The article by Henry Doss, in Forbes highlights, Innovation: Five keys to educating the next generation of leaders. He points out that the focus of future leaders needs to be innovation, problem solving and opportunity. One of Henry Doss’ concerns is the lack of leadership development in education.
The question is, does leadership need to change, to meet the needs of innovation in the future, within an ever fast-paced environment?
Over history, we have been able to note the same key principles and attributes of leaders, when compared over time. It is not the leadership principals that need to be changed, but rather the way in which that leadership is administered. For example, good communication has always been key to good leadership, however the difference today is not whether or not we value communication, it is simply how we choose to communicate in the future. It may have been acceptable to use pigeon post in the past, while we might have the expectation of our leaders to be more available by way of their smartphones in the future. The core leadership principles still remain the same.
Should the way we lead stay the same in the future?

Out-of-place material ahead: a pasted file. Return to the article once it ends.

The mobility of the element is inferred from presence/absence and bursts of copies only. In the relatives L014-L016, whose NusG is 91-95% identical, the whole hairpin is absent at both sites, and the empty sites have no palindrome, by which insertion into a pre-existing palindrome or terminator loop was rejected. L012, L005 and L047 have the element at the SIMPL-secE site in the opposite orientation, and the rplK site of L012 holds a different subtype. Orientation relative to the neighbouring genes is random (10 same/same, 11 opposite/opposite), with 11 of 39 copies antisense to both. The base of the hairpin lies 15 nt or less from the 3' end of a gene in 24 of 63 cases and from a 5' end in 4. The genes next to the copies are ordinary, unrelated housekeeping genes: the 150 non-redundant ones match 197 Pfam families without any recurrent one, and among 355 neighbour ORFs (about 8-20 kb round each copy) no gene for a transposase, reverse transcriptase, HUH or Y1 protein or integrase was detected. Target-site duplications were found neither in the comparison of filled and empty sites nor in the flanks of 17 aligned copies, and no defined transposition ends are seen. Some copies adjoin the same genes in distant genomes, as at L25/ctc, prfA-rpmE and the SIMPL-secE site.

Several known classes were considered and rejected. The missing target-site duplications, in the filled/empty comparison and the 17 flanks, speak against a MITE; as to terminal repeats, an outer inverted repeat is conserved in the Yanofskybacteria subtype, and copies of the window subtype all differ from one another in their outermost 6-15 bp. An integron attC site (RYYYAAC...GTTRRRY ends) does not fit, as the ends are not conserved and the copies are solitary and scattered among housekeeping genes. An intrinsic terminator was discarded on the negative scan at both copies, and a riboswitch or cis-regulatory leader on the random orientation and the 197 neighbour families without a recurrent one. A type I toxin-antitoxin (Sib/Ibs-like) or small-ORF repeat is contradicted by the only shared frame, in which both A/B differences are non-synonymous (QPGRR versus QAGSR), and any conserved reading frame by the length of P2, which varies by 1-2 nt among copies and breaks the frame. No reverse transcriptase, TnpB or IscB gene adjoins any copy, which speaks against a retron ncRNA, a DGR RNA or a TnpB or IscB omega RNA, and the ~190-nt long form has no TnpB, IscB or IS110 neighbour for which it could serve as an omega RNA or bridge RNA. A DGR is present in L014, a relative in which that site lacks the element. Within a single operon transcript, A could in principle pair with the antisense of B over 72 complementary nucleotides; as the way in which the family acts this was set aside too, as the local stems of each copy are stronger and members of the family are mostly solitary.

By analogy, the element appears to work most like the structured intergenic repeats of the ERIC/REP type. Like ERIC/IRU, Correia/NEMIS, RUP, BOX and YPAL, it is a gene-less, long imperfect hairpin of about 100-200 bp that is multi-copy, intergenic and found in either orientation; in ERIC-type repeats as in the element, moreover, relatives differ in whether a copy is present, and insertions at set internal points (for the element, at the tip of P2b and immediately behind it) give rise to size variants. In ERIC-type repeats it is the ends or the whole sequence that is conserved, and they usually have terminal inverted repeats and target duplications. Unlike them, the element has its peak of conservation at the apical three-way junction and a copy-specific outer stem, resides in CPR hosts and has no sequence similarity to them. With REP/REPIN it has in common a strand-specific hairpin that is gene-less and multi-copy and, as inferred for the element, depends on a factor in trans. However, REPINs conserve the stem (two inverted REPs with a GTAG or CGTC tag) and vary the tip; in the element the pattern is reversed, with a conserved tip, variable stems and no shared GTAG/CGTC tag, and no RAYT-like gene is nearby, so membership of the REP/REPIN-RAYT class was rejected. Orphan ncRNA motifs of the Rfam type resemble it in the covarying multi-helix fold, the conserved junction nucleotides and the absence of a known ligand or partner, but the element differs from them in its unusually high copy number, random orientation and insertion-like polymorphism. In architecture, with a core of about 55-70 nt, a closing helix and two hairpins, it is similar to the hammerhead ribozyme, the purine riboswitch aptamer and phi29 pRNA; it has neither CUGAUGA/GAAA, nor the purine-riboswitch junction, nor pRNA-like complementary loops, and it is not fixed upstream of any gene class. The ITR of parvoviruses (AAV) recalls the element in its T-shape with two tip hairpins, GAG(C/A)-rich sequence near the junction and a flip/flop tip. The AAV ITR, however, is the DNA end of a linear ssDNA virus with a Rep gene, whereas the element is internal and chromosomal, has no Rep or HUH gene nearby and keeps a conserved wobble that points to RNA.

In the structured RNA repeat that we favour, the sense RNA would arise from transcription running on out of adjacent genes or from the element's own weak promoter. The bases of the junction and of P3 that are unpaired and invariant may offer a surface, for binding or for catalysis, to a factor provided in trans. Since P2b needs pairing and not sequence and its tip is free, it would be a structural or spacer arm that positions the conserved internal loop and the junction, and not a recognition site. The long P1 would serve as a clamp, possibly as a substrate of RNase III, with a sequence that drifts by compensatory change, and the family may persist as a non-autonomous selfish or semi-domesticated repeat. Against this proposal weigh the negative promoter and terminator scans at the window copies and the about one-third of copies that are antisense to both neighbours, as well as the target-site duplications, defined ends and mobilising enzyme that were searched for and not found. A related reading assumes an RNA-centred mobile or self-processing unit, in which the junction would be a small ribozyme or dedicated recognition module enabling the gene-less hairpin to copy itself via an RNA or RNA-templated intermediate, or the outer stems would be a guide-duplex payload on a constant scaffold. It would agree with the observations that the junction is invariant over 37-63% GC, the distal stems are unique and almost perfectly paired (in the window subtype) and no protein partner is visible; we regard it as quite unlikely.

While the leadership principles remain the same, there are many different leadership models on how to lead. The most common leadership structure has always been hierarchical, where directors instruct and give orders from the top down. Successful leadership models in the future will need to generate ideas collaboratively from their team and empower others to implement their ideas on a more even playing field. Teamwork is key and dictatorships are being challenged by a new generation of leaders.
How do we educate for change and innovation?
Encourage children to develop deeper thinking skills through problem solving and invention. We want children to overcome the fear of failure and have the curiosity to seek out new opportunities. This idea of seeking out new ideas, without pre-qualifying them is a liberating experience that can be the catalyst for invention. One can always analyse and qualify an idea later at the drawing board. The emphasis on invention and creativity will become imperative, for the longevity of an organization in the future.
How will we teach the next generation these skills of the future?
Dialogue together as a community. Discuss and decide on what these leadership principles and skills might be. Place these leadership principles and skills in the heart of shared social values in the community. Create context within learning experiences that are meaningful to students, teaching children how to connect appropriately with each other and with the world around them. Be a good role model of good leadership qualities and character. Be a good team player - roll up your sleeves and working alongside your students.
In this way you will foster heartfelt leadership that is democratic and values based; leadership that respects and serves others towards the common good; leaders that can be innovative and creative. These are the leaders of the future.